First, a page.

Jonathan Stephens: What I have always said since my first appearance before the PAC in 2007 was that the only safe assumption was that we would need the full budget, including the full contingency. That is what the contingency is provided for.
On the situation today, I completely agree. All those figures are as agreed. Indeed, they are as provided by us. They are our figures and our identification and quantification of risks. The situation as of today is that the money actually spent to date is about £6.3 billion, with £3 billion unspent. Most of that, of course, is committed under contract or equivalent means.
The remainder that is not formally committed at this time-there is £800 million left-we have identified and put into the public domain pressures against that uncommitted spend. We have identified known pressures, those where we are pretty confident that spending will clearly materialise, of £300 million, mainly the extra costs of security guarding. That leaves, between the programme contingency held centrally and the programme contingency held currently with the ODA, uncommitted funds of just over £500 million. Then what we do, both against the ODA spend and against the programme spend as a whole, is assess and try to identify all the known remaining risks. So we carefully identify with all the potential deliverers the risks that might arise. We identify them and seek to quantify a range of costs that might arise against those risks.
Of course, none of that money is committed at this stage, nor is that a prediction that so much will be required or that so much will be required against particular risks. It is an attempt to assess, against a prudent assessment of what might materialise, whether the contingency left is sufficient. Having done all of that for all those risks to be quantified against the £354 million held centrally with the programme, something like £250 million or so of quantified risks on a prudent assessment of what might arise and be required can be identified against known risks. Then we add into that an element for unknown unknowns-things that no one can think of but that might just arise-and that is another £60 million. Once you have taken account of all of that, there is still £34 million left as headroom on top of that. That is not a prediction of what we will spend, but it gives us confidence and you assurance that, against a reasonable view of risks, there will be enough money left.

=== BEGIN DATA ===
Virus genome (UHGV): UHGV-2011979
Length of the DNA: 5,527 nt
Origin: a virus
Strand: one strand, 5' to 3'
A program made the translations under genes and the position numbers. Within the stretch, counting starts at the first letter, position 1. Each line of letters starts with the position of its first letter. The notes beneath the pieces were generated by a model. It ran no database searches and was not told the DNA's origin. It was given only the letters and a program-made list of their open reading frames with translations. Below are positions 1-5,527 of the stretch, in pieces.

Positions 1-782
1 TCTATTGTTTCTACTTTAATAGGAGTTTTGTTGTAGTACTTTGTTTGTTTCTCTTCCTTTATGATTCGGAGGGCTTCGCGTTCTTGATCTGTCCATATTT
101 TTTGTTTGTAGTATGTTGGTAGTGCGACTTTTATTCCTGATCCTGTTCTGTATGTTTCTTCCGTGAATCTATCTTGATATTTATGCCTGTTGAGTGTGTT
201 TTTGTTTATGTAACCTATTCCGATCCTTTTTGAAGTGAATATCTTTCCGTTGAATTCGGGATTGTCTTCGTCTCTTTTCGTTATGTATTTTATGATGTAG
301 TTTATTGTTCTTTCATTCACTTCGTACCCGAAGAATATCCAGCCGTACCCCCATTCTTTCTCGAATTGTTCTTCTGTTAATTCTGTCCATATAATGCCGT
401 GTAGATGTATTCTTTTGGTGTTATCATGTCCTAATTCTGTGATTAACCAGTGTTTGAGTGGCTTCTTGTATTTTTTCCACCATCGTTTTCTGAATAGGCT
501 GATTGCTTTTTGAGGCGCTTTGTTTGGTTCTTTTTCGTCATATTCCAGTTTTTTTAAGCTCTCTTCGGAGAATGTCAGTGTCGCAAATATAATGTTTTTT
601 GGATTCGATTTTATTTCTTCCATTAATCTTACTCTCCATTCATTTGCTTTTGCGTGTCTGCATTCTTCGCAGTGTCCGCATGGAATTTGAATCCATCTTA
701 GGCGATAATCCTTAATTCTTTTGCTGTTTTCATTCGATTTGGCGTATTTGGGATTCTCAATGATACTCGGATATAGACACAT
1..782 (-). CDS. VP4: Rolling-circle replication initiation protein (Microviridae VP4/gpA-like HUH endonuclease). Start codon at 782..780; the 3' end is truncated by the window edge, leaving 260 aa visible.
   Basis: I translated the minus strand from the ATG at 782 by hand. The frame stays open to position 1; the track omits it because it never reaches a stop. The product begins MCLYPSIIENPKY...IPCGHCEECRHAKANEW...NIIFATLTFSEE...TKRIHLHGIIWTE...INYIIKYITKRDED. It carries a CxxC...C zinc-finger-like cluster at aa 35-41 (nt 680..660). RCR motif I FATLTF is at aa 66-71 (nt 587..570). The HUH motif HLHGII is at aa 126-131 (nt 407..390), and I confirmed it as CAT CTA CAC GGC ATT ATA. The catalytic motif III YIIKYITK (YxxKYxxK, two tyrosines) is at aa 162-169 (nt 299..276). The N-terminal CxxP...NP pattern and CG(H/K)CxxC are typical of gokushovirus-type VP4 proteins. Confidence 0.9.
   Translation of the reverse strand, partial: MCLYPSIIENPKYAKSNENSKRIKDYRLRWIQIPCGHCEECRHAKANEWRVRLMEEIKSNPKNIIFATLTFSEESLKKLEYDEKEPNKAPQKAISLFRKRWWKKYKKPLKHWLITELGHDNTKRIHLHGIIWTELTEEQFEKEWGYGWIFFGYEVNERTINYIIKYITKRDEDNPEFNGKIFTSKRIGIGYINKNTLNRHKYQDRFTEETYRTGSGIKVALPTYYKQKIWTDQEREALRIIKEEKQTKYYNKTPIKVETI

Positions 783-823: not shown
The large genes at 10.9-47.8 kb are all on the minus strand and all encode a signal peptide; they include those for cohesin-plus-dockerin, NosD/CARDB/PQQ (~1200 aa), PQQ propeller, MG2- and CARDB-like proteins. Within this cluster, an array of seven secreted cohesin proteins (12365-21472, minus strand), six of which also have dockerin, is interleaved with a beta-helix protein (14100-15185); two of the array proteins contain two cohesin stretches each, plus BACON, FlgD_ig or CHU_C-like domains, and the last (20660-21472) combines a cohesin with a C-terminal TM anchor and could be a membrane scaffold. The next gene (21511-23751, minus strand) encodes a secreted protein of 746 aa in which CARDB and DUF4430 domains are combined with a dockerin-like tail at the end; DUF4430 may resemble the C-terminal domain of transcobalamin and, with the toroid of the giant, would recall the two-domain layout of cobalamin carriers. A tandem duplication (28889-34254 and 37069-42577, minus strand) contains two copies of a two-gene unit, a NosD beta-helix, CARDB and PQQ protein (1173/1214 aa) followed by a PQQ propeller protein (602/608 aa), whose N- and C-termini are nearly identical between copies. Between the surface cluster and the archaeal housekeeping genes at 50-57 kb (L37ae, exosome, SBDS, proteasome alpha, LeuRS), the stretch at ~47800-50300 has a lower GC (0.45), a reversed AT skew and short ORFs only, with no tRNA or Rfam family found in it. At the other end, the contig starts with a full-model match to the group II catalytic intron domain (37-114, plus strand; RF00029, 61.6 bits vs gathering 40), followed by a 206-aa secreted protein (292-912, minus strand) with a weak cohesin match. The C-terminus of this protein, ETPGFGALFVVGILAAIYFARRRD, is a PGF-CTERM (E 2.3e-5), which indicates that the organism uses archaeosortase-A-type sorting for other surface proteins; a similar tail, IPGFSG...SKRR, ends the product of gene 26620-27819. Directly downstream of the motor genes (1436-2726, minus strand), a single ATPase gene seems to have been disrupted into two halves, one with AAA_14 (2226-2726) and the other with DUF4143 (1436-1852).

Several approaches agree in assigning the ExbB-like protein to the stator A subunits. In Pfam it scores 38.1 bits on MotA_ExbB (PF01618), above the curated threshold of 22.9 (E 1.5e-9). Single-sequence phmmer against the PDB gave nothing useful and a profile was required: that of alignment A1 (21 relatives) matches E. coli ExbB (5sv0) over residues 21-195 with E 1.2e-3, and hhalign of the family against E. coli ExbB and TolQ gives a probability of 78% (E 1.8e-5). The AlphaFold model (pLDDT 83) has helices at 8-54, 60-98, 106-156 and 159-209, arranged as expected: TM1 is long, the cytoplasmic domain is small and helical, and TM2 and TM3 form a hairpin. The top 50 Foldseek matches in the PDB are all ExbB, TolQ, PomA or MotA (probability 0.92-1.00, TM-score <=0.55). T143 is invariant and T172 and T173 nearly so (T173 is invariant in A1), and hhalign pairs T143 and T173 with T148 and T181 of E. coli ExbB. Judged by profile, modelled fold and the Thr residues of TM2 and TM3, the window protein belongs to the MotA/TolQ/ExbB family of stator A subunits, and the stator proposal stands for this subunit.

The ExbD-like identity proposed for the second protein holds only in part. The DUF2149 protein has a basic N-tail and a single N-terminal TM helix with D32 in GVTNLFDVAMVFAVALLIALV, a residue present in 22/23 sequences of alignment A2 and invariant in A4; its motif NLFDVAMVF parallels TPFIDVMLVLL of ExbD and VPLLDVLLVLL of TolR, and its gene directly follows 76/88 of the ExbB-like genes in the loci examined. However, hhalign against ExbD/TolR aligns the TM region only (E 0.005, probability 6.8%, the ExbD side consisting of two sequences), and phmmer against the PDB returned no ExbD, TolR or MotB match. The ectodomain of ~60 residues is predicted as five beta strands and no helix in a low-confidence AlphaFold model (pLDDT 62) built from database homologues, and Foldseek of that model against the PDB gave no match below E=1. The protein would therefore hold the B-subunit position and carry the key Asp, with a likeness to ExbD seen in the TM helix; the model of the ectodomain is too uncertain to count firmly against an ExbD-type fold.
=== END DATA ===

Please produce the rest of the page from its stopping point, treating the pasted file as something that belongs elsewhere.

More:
Q3 Chair: I hear that, but of course we are still 8 months away from the staging of the Games, so unknown unknowns may still arise in the next 8 months. But I happened to have the radio on for a Radio 5 interview on Sunday, pathetic as I am, in the early morning, and the Minister was on, saying that there is half a billion uncommitted, and I thought that that is not what I had read in the report the day before. So, just to be absolutely clear, you may not be contractually committed, but your best assessment as the senior responsible accountable officer for the Olympics is that you have now committed all the public money bar £36 million?